Healthcare: another thing that the Germans just do better

Germany has rejected restrictions on doctors visits.

Recent Conservative ideas to restrict the number of GP visits in a year may be discounted as too controversial. But with the concept of universalism in health and welfare under threat we should not be so complacent. This is another area where we should follow the current trend of noting what has happened in Germany: consultation fees for visiting the doctor were abolished in Germany on 1 January 2013.

Co-payments, as they were called, of €10 if you visited the doctor in any given quarter or if you went to a specialist without a referral, were introduced by Schroder’s government in 2004. Addressing similar concerns to the NHS at present on health costs and the waste of doctors’ time on trivial conditions it was thought, at the time, to be a good idea by all the main parties in Germany. It was supposed to deter the practice in Germany’s compulsory health insurance system of patients hopping from specialist to specialist. They also thought it would bring in approximately €2bn per year.

Once in opposition the Social Democrats (SPD) and Greens turned against the idea of co-payments. As you would have predicted the charges deterred many people from going to the doctor. So it is obvious that the cost in dealing later with deteriorating conditions and in personal misery was great. Even on the projected revenue the German government did not meet its targets. When the abolition of co-payments was debated in the Bundestag last November the Financial Times Deutschland reported that medical practices spent approximately 120 hours a year collecting the fee, a total administrative cost of €360m. Once it came to a vote at the end of last year – coincidentally on the historic date of 9 November – the ruling conservative-liberal coalition (CDU/CSU and FDP) also changed their minds and the Bundestag voted unanimously to abolish the charge.

Could co-payments be introduced in Britain? The idea could be sold as a fairer method than restricting the number of GP visits per patient, it would be said "only those who can afford to pay will have to make this small contribution". But people of all income brackets have commitments to meet, whether it is a mortgage, rent or bills and any fee, no matter how small will deter people from seeking medical help. For those with long-term conditions the need to see your doctor regularly is clear. For the rest of us, also, we need to see the doctor when we have concerns. We may dismiss our niggling symptoms, but we will all get something serious eventually and it may happen sooner if, being human, we decide to spend our tenner on something other than going to the doctor for a trivial matter.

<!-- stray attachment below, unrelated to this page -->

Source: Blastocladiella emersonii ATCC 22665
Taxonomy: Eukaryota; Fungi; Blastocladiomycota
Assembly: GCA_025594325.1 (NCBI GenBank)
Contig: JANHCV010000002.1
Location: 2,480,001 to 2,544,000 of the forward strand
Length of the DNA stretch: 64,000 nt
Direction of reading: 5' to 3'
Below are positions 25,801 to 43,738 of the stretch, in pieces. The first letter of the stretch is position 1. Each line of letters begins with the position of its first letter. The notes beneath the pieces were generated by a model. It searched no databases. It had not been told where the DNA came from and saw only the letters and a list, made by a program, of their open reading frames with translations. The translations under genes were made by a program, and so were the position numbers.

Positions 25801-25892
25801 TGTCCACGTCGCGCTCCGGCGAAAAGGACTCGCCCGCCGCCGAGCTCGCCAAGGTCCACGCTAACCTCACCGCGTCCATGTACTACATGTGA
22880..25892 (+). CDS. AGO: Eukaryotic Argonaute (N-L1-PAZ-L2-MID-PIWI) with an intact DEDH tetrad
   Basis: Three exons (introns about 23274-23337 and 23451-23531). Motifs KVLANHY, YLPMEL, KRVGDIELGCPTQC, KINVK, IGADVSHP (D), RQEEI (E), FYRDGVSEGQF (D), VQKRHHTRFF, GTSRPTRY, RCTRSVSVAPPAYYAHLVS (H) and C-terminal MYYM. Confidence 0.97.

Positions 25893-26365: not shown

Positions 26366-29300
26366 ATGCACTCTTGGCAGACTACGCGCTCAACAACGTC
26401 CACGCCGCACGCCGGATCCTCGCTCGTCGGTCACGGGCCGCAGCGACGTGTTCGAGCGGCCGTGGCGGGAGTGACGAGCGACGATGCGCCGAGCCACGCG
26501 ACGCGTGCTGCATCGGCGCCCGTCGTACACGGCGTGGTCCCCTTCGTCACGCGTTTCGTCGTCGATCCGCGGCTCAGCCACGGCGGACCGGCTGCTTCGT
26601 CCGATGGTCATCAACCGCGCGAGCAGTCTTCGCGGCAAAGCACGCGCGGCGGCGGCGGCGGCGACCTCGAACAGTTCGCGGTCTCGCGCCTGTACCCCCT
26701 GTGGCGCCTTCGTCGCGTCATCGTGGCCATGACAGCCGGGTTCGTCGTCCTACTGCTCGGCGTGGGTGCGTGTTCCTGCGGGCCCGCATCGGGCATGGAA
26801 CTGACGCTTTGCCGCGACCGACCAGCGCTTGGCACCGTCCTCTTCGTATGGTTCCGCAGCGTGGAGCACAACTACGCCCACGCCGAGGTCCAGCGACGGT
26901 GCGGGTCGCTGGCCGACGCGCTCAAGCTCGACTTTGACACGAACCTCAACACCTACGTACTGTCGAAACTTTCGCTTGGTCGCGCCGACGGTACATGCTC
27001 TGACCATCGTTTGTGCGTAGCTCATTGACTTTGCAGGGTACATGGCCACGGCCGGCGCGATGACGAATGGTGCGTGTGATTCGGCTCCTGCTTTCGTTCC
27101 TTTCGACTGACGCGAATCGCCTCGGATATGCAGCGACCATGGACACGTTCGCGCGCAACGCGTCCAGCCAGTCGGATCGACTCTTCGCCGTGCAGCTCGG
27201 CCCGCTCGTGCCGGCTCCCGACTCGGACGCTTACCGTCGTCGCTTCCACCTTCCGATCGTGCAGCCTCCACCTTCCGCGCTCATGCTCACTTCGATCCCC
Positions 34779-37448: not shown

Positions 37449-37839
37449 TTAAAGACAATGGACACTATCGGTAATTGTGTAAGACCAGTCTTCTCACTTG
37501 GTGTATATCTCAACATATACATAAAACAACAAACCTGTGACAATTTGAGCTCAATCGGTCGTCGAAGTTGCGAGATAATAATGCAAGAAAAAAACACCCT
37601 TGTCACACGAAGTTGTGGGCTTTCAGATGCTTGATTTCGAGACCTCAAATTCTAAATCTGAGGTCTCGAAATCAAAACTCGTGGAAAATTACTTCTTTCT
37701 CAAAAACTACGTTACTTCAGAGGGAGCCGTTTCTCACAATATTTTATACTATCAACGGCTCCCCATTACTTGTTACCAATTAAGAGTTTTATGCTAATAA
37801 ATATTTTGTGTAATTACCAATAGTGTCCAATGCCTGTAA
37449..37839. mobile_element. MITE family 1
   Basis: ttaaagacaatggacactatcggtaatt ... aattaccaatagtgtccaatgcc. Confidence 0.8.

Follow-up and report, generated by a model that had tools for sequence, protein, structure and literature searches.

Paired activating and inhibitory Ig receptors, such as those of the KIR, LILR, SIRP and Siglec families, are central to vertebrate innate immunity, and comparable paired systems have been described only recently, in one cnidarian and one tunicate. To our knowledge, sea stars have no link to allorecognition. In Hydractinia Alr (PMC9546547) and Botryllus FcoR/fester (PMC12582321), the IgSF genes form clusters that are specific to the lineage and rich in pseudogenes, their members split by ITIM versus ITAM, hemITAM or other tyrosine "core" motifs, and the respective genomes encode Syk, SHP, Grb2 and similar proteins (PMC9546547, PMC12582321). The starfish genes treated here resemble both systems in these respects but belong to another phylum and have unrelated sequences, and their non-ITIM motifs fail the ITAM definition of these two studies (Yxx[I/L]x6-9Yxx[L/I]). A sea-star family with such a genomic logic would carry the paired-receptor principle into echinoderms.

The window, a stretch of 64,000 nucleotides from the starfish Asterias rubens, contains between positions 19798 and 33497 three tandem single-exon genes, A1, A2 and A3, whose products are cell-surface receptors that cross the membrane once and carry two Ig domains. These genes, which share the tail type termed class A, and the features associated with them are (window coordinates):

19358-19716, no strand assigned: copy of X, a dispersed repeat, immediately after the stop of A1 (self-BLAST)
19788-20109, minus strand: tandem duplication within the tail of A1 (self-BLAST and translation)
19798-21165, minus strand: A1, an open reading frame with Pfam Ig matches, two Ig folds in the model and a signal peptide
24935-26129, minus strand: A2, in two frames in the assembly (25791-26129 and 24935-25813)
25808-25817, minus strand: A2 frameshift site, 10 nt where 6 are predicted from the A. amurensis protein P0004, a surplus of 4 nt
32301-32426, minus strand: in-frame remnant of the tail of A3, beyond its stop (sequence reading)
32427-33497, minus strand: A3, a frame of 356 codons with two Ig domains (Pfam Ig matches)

I would suggest that following recent top-down healthcare reforms it is only a matter of time before a formal proposal on GP visits is made – the Tory idea on restricting the number of visits is just to test the water. Universalism has not been defended but is a sound principle. It is more straightforward, we all contribute (even those on out-of-work benefits pay VAT) and we all benefit. The bureaucracy of means-testing is avoided. The case for the better-off benefiting is clear, we are all part of the community and the costs can be recouped by looking at the tax paid by the better-off. In terms of GP visits this is another case where we can learn from the way the Germans do things – a mistake was made but they reconsidered it and put it right.

Photograph: Getty Images
Photo: Getty
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Who will win in Stoke-on-Trent?

Labour are the favourites, but they could fall victim to a shock in the Midlands constituency.